This causes the file pointer to move to another location within the file. The location specifies the number of bytes that will be used to determine the location and the  parameter indicates whether this is some sort of absolute or relative positioning request. Possible values for  are:
 

  1. This indicates that the location is the number of bytes from the beginning of the file.
  2. This indicates that the location is the number of bytes from the current file pointer location. This allows for a relative positioning of the file pointer.
  3. This indicates that the location is the number of bytes from the end of the file.
We consider an example that uses both obtaining and setting the file pointer location:















 

Writing Classes to Binary Files

The easiest way to store records in files is to use a If you are keeping track of records in memory structures using classes, then saving these classes to disk takes a little extra work. You cannot simply use a  member function and give the address of the object as the buffer. The reason for this is the presence of member functions. It would not make sense to save the member functions; these member functions end up getting saved as memory locations which would cause your computer to crash if you ever loaded one from disk with an old memory location. It is possible to write objects to disk but it requires that the object have a member function associated with it.

My usual approach is to insert a member function named  and  in each member function. These functions should take an  as a parameter as the stream to save itself to. Your program should then open the stream and call the member function with the appropriate stream. The member function should then go through each data field of the object writing them out in a particular order. The  member function must retrieve the information from the disk in exactly the same order.

The example for this section is a little involved, so I've eliminated the non-file member functions.































 
 

What Went Wrong?

In this section, I will point out a couple of methods of determining if a file operation was successful and if not, a couple of methods of determing roughly what went wrong. After every disk operation, a well written program will call the member function  to see if the operation completed successfully. It is up to the programmer to determine what should occur when a file operation goes bad. Essentially there are three possibilities:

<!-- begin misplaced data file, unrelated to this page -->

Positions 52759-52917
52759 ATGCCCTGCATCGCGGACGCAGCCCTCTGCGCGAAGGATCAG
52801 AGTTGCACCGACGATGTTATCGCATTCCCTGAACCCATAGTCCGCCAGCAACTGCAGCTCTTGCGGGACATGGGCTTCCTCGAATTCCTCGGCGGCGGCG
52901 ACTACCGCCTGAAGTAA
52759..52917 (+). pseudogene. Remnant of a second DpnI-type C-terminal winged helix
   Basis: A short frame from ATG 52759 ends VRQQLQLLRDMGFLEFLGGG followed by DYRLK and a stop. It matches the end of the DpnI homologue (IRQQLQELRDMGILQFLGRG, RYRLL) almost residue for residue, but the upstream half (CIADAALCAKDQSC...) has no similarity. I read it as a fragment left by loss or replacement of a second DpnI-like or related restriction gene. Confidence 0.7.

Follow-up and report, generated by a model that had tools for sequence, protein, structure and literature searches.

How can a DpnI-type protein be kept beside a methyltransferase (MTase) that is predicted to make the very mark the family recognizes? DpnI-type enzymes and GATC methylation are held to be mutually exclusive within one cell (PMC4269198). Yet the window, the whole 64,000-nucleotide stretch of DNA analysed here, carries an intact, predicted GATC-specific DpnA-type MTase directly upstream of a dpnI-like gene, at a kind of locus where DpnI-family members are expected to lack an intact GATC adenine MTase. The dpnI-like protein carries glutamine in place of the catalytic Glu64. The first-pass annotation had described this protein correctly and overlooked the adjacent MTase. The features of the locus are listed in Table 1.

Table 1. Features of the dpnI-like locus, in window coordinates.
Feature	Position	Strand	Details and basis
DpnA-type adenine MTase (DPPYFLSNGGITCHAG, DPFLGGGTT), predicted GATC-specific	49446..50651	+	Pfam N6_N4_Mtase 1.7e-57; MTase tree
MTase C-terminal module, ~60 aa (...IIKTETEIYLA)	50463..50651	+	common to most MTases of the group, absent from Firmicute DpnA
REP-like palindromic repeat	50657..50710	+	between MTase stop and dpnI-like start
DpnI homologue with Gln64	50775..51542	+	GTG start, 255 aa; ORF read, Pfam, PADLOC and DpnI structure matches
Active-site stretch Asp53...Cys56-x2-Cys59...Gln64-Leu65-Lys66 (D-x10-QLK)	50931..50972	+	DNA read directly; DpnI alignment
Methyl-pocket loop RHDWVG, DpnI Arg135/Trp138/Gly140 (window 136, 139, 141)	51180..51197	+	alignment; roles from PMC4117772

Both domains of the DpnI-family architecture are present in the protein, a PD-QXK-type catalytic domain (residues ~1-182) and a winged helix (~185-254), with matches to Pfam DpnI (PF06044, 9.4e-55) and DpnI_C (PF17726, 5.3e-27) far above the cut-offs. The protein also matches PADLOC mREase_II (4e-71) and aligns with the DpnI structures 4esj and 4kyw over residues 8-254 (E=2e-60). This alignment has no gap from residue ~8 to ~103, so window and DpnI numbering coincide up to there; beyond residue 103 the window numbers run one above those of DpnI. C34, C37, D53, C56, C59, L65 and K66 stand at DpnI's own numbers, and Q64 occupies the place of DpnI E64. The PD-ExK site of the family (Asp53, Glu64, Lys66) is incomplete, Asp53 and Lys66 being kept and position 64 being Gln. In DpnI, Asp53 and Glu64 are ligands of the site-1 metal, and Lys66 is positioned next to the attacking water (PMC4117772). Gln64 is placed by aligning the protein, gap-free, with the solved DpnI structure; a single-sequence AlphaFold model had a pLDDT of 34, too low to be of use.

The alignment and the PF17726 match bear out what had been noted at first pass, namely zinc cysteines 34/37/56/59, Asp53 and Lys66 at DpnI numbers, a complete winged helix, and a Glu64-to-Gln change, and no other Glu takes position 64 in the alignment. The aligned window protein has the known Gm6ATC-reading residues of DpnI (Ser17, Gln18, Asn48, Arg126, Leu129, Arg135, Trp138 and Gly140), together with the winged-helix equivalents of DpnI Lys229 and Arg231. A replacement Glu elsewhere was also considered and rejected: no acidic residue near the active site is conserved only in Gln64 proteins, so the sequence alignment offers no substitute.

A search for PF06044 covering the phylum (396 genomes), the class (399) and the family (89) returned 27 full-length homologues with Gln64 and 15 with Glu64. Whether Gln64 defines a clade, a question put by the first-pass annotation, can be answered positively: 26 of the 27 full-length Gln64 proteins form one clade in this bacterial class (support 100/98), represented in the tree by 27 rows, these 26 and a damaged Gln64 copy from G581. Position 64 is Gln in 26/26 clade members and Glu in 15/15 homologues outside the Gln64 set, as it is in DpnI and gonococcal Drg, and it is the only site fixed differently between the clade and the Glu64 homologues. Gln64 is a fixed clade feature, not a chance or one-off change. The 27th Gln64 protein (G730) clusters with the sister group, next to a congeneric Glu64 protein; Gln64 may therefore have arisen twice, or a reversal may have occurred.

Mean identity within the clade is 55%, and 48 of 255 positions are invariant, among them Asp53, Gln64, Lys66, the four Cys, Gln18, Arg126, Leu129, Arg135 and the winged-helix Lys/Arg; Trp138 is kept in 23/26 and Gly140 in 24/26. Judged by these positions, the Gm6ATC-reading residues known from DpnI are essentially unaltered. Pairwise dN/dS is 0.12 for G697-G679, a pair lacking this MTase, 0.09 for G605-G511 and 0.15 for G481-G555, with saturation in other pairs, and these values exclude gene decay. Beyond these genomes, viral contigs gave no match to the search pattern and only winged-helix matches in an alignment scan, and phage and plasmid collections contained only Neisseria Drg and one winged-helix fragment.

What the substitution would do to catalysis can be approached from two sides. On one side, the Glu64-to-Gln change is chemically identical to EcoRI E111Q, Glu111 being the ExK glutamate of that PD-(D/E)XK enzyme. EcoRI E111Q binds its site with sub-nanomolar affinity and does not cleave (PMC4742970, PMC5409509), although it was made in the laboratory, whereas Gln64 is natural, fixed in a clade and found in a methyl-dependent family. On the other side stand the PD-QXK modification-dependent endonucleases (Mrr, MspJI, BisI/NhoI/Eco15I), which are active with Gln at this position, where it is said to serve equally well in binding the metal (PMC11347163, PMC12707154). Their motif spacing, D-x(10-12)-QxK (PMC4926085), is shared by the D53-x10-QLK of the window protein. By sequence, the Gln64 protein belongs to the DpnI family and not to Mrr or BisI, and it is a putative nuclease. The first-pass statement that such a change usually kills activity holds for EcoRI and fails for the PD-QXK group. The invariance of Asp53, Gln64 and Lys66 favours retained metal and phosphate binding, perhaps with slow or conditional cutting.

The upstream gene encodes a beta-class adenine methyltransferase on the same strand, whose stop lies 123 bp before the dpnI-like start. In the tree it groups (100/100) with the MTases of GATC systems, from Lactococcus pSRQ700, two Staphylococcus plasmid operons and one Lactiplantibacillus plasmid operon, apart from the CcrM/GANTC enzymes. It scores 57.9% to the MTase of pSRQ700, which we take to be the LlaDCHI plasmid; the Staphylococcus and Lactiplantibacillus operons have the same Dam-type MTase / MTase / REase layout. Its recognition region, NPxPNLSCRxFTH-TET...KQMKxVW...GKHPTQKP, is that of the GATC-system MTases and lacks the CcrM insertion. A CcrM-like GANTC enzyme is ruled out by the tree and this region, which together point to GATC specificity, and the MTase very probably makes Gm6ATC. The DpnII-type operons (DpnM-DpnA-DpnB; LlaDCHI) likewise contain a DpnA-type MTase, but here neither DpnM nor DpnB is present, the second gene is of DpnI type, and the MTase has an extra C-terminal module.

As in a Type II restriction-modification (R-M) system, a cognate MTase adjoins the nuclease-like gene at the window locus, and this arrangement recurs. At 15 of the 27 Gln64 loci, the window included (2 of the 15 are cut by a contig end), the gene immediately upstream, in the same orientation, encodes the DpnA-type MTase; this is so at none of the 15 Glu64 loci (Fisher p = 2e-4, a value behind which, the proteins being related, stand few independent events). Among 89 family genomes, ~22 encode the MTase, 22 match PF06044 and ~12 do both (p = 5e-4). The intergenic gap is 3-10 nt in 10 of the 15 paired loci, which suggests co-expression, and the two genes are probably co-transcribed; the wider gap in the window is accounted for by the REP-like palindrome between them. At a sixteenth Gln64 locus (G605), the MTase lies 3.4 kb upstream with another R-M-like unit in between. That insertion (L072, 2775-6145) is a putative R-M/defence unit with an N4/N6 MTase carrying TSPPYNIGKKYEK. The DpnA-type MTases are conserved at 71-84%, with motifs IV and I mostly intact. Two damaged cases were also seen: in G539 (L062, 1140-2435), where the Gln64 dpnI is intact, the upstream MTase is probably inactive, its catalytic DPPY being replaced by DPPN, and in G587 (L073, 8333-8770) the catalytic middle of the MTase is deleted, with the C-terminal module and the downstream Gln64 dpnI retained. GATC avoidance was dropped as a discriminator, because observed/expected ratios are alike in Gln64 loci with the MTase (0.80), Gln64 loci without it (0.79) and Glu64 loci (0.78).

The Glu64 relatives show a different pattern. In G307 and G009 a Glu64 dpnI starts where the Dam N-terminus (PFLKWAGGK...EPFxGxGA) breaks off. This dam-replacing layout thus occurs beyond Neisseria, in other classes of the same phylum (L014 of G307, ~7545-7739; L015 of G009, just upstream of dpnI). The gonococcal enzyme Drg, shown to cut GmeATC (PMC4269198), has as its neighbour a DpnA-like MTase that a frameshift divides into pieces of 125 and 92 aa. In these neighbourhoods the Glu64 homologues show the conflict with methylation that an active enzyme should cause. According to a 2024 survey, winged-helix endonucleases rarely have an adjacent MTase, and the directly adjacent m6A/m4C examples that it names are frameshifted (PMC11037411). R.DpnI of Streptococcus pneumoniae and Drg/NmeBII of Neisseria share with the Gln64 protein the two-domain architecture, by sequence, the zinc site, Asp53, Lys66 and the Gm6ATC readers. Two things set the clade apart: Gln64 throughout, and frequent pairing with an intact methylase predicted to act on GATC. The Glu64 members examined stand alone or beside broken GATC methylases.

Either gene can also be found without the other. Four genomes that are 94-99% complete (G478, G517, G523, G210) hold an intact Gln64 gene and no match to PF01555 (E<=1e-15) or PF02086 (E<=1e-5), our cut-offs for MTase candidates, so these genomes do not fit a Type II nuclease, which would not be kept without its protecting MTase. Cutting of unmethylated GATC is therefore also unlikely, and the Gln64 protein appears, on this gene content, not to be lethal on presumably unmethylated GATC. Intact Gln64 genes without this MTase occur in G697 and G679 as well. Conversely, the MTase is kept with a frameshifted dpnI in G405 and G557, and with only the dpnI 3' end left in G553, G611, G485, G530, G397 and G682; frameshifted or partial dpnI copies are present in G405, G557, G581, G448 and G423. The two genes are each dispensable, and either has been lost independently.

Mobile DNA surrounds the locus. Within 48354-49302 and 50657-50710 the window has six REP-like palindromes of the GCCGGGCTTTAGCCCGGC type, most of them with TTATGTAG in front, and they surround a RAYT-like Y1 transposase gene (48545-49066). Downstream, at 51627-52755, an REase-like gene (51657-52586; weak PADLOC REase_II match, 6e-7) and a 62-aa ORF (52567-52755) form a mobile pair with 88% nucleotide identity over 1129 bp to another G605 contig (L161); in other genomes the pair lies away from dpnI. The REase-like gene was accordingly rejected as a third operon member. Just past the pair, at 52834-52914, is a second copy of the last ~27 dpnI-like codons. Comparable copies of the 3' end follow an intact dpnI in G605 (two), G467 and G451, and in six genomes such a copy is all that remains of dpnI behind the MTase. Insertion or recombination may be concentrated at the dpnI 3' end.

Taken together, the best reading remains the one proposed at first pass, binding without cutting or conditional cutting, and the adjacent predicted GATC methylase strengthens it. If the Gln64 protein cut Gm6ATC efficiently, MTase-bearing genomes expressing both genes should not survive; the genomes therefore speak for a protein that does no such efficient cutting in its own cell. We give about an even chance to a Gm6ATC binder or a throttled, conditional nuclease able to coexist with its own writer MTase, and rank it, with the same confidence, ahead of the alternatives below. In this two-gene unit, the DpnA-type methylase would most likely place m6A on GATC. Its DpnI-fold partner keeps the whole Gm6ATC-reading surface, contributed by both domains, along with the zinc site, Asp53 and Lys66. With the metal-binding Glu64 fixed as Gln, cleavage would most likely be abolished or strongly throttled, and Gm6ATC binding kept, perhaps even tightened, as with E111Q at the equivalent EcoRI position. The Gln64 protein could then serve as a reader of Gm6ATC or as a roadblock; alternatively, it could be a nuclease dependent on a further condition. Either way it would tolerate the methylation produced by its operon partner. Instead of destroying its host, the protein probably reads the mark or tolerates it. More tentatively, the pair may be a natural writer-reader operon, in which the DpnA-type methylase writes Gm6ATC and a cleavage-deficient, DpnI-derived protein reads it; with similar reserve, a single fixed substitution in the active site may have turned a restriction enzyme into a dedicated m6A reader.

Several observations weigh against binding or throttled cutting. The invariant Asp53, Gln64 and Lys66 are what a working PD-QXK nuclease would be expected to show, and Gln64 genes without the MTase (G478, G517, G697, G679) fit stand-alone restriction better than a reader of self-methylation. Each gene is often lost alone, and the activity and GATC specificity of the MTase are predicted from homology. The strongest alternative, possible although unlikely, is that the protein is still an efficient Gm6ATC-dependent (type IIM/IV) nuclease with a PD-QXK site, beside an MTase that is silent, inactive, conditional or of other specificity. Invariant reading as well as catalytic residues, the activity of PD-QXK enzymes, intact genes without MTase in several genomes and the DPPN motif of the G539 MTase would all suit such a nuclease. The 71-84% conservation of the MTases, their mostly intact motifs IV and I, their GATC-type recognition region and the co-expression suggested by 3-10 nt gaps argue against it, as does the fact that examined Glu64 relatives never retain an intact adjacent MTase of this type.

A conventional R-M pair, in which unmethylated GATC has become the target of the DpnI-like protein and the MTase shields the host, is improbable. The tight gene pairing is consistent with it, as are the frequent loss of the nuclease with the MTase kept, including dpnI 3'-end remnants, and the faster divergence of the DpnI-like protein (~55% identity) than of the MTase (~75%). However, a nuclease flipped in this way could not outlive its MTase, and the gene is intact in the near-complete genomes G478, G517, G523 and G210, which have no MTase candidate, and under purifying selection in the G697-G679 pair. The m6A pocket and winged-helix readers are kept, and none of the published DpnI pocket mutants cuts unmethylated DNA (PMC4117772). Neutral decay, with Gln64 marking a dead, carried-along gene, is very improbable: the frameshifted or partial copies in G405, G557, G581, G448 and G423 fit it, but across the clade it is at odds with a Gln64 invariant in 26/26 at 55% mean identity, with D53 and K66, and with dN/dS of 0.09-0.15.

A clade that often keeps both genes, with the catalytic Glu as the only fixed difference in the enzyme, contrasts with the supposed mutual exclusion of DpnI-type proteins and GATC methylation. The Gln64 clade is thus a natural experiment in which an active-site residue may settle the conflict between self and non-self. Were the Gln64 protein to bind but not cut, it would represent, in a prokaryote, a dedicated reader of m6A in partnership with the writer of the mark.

• Ignore the problem and hope it never happens. This is an okay approach to dealing with errors for small programs written to test an idea, but a fully working version of a program should never assume that the user will not make a mistake.
  • If an error occurs, call  and have the program terminate. This is slighly better than just hoping it doesn't happen, but in a full version of a program, this could be a real nuisance to the user. Think of what would happen if you spent 5 hours typing an essay, then tried to save it to the  which did not exist. If your program just aborted then you would have lost 5 hours of work.
  • When an error occurs, let the user try to correct the error and try the operation again. This is the preferred method as far as the user is concerned, but is usually not trivial to program. You should try to implement this as much as possible.


An unfortunate situation arises when dealing with errors, they are generally physical things which make them operating system dependent. Next, I will list the ANSI (the standard) approach to dealing with errors and the DOS approach to dealing with errors. The ANSI approach is much more general and therefore the error messages will not be precise, but the ANSI approach will work no matter which C++ compiler you use. The DOS error handling eliminates some of the confusion about what happened but obviously is only good on DOS machines that support the library (Turbo C++, Borland C++, and GNU G++ support this library). To make things a little uglier, there appears to be no error support built into streams other than the  function. To combat errors we have to rely on some existing C functions which are no problem to use from C++ since C++ is simply an extension of C.
 

ANSI Errors

    ANSI C supports a global variable (oh no, a global variable!) named  which can be accessed by including  When errors occur the variable is set to a standard error code which should be equivalent on all operating systems. There are too many error codes to bother listing in this document. Usually the best way to discover all error codes is to look at the manual page or on-line help searching on the keyword  The include file does define a set of constants that can be used to determine the type of error that occurred. For example, error code 22 indicates that the file you just tried to open did not exist. A slightly better way to say 22 is to use the constant ENOENT. There is a function in  named  that takes one string as a parameter. When this function is called, the string is displayed on the screen followed by a colon then by a message that describes the value in  This can be handy if you do not want to write error handlers and just want the program to halt. Below is a simple program that reads a filename from the user, opens the file and displays the fact that the drive was not ready, the file did not exist or the standard error message.

     



















DOS Extended Errors

    If you look at the errors given in the ANSI list you will notice that not many of them are really geared towards DOS; i.e. you don't know for sure if a sector was bad on a disk or the drive door was left open. This is because the ANSI standard was more or less defined on UNIX system where these types of errors are never seen by the users. Most DOS based compilers provide a couple of functions for acessing the DOS extended error which usuallt provides a much more accurate description of the error.

/*Open,write andcloseafile:*/

# include <stdio.h>

# include <string.h>

 

intmain()

{

    FILE*fp;

    chardata[50];

    // opening an existing file

    printf("Opening the file test.c in write mode");

    fp=fopen("test.c","w");

    if(fp==NULL)

    {

        printf("Could not open file test.c");

        return1;

    }

    printf("\n Enter some text from keyboard” \

             “ to write in the file test.c");

    // getting input from user

    while(strlen(gets(data))>0)

    {

        // writing in the file

        fputs(data,fp);  

        fputs("\n",fp);

    }

    // closing the file

    printf("Closing the file test.c");

    fclose(fp);

    return0;        

}